The minute I entered Phyllida Barlow’s Tate Britain commission entitled “dock” I knew I wanted to write something about it. In order to do so I felt I needed to read as many articles and reviews about it as I could. Mostly because I am not an art critic and I felt rather insecure to express my opinion. Almost all of these texts were slightly fragmented descriptions with a poetic air about them. Focusing on different parts of the huge constructions, the writers came up with interesting metaphors that came to their minds when they visited “dock”. However I felt I did not read anything that accurately described the truly powerful feeling I got from this work which most importantly for me I also found truly architectural.
Lately I have been to quite a few exhibitions that attempt to interpret architecture and ultimately see it as conceptual art. I always applaud the endeavour because of its degree of difficulty but also because us architects, do think of ourselves as artists as well and not only as technocrats who constantly problem-solve.
What really struck me with Barlow’s sculptures, is that they are more architectural than any architect’s installation that attempts to be purely artistic. These massive creations speak of volume and scale and start a dialogue between the body and space. Good art has the ability to make one go within, in a psychoanalytical manner. It brings about forgotten memories or even previously unknown realisations and touches us because we identify with it. At least most contemporary art aspires to do that, compared to classical works that were more about creating masterpieces that inspired awe to the viewer.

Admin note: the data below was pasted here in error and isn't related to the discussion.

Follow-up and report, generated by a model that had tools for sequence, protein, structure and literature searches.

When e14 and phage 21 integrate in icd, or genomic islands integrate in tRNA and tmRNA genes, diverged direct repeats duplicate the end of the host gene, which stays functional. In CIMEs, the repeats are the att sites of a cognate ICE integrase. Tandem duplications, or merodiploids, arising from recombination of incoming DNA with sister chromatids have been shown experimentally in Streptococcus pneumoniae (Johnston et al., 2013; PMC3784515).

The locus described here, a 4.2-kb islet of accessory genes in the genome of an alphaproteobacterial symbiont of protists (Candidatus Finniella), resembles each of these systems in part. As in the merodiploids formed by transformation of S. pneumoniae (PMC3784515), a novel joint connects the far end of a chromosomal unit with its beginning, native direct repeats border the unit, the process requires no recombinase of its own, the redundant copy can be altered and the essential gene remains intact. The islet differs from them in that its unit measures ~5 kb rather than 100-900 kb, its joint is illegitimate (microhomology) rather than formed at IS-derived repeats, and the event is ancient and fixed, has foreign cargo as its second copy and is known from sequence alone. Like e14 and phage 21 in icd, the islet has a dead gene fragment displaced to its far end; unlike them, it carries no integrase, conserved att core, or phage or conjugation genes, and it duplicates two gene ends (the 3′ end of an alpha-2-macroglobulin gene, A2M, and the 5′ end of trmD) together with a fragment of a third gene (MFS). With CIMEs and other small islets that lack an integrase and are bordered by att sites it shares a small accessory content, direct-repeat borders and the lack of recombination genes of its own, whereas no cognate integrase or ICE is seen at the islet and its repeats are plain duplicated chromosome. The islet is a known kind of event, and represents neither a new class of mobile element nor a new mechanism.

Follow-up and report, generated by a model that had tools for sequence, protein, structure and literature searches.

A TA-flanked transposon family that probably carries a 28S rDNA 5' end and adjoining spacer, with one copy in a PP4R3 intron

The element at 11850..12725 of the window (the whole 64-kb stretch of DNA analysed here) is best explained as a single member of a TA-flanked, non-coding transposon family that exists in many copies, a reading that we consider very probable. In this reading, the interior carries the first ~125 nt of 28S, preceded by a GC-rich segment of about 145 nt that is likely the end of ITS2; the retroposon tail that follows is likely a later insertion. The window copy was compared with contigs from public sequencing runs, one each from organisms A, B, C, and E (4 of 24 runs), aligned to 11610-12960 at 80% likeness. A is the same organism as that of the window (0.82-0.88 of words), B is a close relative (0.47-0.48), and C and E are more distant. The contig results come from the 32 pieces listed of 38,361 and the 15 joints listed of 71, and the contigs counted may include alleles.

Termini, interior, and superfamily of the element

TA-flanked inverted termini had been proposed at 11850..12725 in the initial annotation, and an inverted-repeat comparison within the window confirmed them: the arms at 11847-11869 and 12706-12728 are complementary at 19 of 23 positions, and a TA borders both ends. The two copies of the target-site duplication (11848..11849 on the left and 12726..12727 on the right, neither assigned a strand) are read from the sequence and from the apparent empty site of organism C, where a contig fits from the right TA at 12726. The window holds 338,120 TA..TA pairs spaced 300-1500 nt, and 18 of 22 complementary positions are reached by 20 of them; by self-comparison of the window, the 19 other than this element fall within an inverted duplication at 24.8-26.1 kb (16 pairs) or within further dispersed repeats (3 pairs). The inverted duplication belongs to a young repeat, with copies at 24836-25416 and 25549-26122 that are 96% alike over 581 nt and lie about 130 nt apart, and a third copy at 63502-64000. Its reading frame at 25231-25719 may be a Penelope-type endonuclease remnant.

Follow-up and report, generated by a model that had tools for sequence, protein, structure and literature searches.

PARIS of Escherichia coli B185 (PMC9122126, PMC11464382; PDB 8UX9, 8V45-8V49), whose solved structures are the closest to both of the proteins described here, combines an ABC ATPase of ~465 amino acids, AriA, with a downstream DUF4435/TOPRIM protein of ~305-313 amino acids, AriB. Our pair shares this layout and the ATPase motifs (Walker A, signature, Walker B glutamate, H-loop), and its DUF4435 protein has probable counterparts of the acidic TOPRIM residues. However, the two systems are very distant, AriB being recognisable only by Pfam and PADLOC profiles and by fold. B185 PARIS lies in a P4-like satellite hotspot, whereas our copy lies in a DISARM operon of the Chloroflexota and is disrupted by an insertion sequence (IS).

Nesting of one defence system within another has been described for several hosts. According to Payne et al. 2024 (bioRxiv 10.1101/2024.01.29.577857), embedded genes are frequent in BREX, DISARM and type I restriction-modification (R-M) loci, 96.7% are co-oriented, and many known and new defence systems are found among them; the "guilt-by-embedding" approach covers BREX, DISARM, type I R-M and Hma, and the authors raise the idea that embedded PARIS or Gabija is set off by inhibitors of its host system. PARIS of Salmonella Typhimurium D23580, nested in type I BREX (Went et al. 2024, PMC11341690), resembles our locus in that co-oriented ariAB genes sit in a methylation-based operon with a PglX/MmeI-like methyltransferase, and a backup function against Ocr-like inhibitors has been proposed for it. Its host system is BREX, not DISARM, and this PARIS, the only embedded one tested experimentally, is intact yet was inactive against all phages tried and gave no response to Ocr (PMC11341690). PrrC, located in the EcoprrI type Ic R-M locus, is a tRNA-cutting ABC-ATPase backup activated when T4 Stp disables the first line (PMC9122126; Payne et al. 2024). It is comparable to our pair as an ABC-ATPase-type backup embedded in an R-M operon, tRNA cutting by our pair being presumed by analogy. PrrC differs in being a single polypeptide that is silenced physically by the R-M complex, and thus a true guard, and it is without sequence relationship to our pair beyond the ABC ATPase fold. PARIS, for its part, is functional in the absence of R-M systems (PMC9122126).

Architecture closely as it flirts with visual art in borrowing aesthetics and trends from it has its own vocabulary that mostly derives from the fact that buildings are meant to be inhabited by people. Hence they reflect their bodies as they are designed to accommodate them. What I am saying here is that architecture can be very artistic in expressing existing philosophies or views of the world. It can also create entire pieces of the world which aspire to expand people’s understanding of it. However, even the most controversial building’s conceptual references manage to somehow incorporate the human body. This is what is defined as “the human scale” and buildings are often judged by how successful they are in reflecting it.
Standing next to the “dock” sculptures I had an immediate sense of my own body’s size and how big these structures were compared to me. I watched and photographed people walking in, under and around them and I thought I was back in university making rough scale models for some unit project. The figurines though were real people and the scale model that I used to make out of some club’s flyer and sprayed cardboard was hugely blown out of proportion.
I do not want to go into details and share what each of the structures reminded me. There are plenty of articles that do that as I said in the beginning. I also do not enjoy much being very literal. Using a phrase that haunted me throughout my student years from one of my favourite books of all time, Gaston Bachelard’ s Poetics of Space: “The poet does not confer the past of his image upon me, and yet his image immediately takes root in me”
The poetic dimension of Barlow’s sculptures took immediate root in me. But that did not happen because I have been trained as an architect. It happened because architecture refers to bodies, and I have a body through which I experience the world as much as I do with my mind.
The sculptures will be on display in Tate Britain until the 19th of October 2014
Tate Britain’s site on the exhibit here
Read more about Plyllida Barlow here